December News Update — California, Employment, Business, Insurance
December 2017’s trending legal updates, court decisions, and important news in California, Employment, Business, and Insurance.
- People in Los Angeles county can now text 911 during emergencies. The SMS message service is intended for the hearing impaired and those in dangerous situations unable to talk on the phone. Law enforcement encourages victims of crimes to use the text to 911 service as a last resort, as calls are preferable.
- 13 states including Missouri and Arkansas have joined together for a lawsuit that opposes California’s egg law, which mandates that larger cage sizes are required for egg-laying hens. The attorney representing the states in the proposed lawsuit argue that the higher prices resulting from the egg law are unfair to consumers and farmers.
- Uber is facing fresh legal woes for concealing a data hack. California law asserts that companies must inform consumers immediately when there is a data breach. The breach happened in October of 2016, and the company waited until November of 2017 to notify customers that their data was compromised.
“California law requires companies to report hacks ‘in the most expedient time possible’ and ‘without unreasonable delay’ when some forms of personal data, including driver’s license numbers, are compromised. The law is designed to help consumers fight identity theft.”
- Cal/OSHA has notified employers that they must offer protection to workers if they are exposed to smoke from the California wildfires while doing their jobs.
“…when outdoor workers are exposed to air quality that is designated Unhealthy, Very Unhealthy or Hazardous by local air quality management districts, employers are required to provide filtering respirators such as masks.”
- 2018 will bring on a new wave of traffic laws, which includes regulations on cannabis consumption while driving, and penalties for possession.
- The California minimum wage is going up on January 1st, 2018. Businesses that have 25 employees or less are now required to offer $10.50 an hour to workers. Businesses with 26 employees or more must offer minimum wage employees $11 an hour.
“The increases result from a law signed by Gov. Jerry Brown on April 4, 2016. The law made California the first state in the country to commit to raising its minimum wage to $15 an hour statewide by 2022 for large business and by 2023 for small ones.”
- Several new laws are going into effect in January of next year that employers are required to comply with. This includes the “ban the box” law, and changes to existing anti-harassment training requirements.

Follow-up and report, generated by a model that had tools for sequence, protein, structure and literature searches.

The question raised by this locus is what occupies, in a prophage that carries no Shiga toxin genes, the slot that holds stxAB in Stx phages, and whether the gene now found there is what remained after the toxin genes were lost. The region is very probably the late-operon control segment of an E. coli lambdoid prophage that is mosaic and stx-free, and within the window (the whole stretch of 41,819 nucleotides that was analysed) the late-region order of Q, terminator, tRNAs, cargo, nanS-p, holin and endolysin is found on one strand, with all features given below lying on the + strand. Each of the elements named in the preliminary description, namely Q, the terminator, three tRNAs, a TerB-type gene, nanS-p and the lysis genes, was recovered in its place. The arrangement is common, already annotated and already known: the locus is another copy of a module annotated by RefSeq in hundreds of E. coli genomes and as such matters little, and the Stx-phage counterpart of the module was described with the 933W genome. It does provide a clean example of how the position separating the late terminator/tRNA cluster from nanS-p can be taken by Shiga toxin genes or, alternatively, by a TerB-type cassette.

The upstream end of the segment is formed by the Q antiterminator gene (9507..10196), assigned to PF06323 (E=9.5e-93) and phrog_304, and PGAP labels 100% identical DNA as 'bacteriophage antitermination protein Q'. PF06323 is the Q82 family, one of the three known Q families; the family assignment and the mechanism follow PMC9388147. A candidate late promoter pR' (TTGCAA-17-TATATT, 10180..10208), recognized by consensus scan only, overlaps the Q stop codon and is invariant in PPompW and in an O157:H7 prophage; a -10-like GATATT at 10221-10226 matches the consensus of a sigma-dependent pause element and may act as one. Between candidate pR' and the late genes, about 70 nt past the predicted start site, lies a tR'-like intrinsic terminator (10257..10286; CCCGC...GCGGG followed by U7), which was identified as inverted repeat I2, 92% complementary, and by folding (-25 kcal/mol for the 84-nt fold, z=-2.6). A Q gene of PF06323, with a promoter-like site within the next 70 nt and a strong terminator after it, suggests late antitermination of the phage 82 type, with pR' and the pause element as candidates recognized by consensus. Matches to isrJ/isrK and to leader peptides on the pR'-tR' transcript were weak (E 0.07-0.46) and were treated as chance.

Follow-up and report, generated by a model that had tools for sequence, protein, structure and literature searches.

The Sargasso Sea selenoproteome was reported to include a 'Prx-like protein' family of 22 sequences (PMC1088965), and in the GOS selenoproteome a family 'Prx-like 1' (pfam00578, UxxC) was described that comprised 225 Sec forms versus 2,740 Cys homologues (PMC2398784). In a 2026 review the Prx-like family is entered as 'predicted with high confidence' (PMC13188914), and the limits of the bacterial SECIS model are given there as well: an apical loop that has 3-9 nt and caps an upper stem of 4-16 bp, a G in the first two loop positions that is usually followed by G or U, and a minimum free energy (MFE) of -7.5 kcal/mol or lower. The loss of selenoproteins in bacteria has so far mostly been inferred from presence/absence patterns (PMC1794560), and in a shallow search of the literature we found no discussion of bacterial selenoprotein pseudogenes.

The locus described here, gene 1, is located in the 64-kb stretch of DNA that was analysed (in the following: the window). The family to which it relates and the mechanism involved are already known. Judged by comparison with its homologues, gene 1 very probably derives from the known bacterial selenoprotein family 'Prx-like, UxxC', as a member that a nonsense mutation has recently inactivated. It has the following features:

“Current mandatory sexual harassment training for supervisors is being expanded to require training content that addresses harassment based on gender identity, gender expression, and sexual orientation.”
- Pharmaceutical companies are suing California over a drug transparency law that would require them to give notice if they plan to significantly raise drug prices.
- Homeowners’ Insurance in fire-prone areas of California may see their rates go up due to this year’s influx of wildfires across the state.
“This year’s wildfire fire disasters, including the Lilac fire, could change insurance policies in California. Insurers are likely to take a massive hit as 2017 is now the worst wildfire season in the state’s modern history. Here’s what you need to know: Insurance rates could slightly go up with all these wildfires.”
- The FCC has voted to end “net neutrality”, a regulation put into effect by the Obama administration that prevented Internet Service Providers from charging customers extra fees for higher-speed content from sites of their choosing. Groups that oppose the decision are planning to sue the FCC in response to the decision.
- The California Drought had a large impact on fisheries across the state — the largest of which had to truck Salmon out to sea. The results now are showing, with the state’s largest hatchery 6 million salmon short this year.
“They knew at the time trucking the fish would lead to fewer fish coming back to Coleman this year to spawn. ‘Everybody kind of acknowledged and understood at the time the consequences,’ said John McManus, executive director of the Golden Gate Salmon Association, a fishing advocacy group.”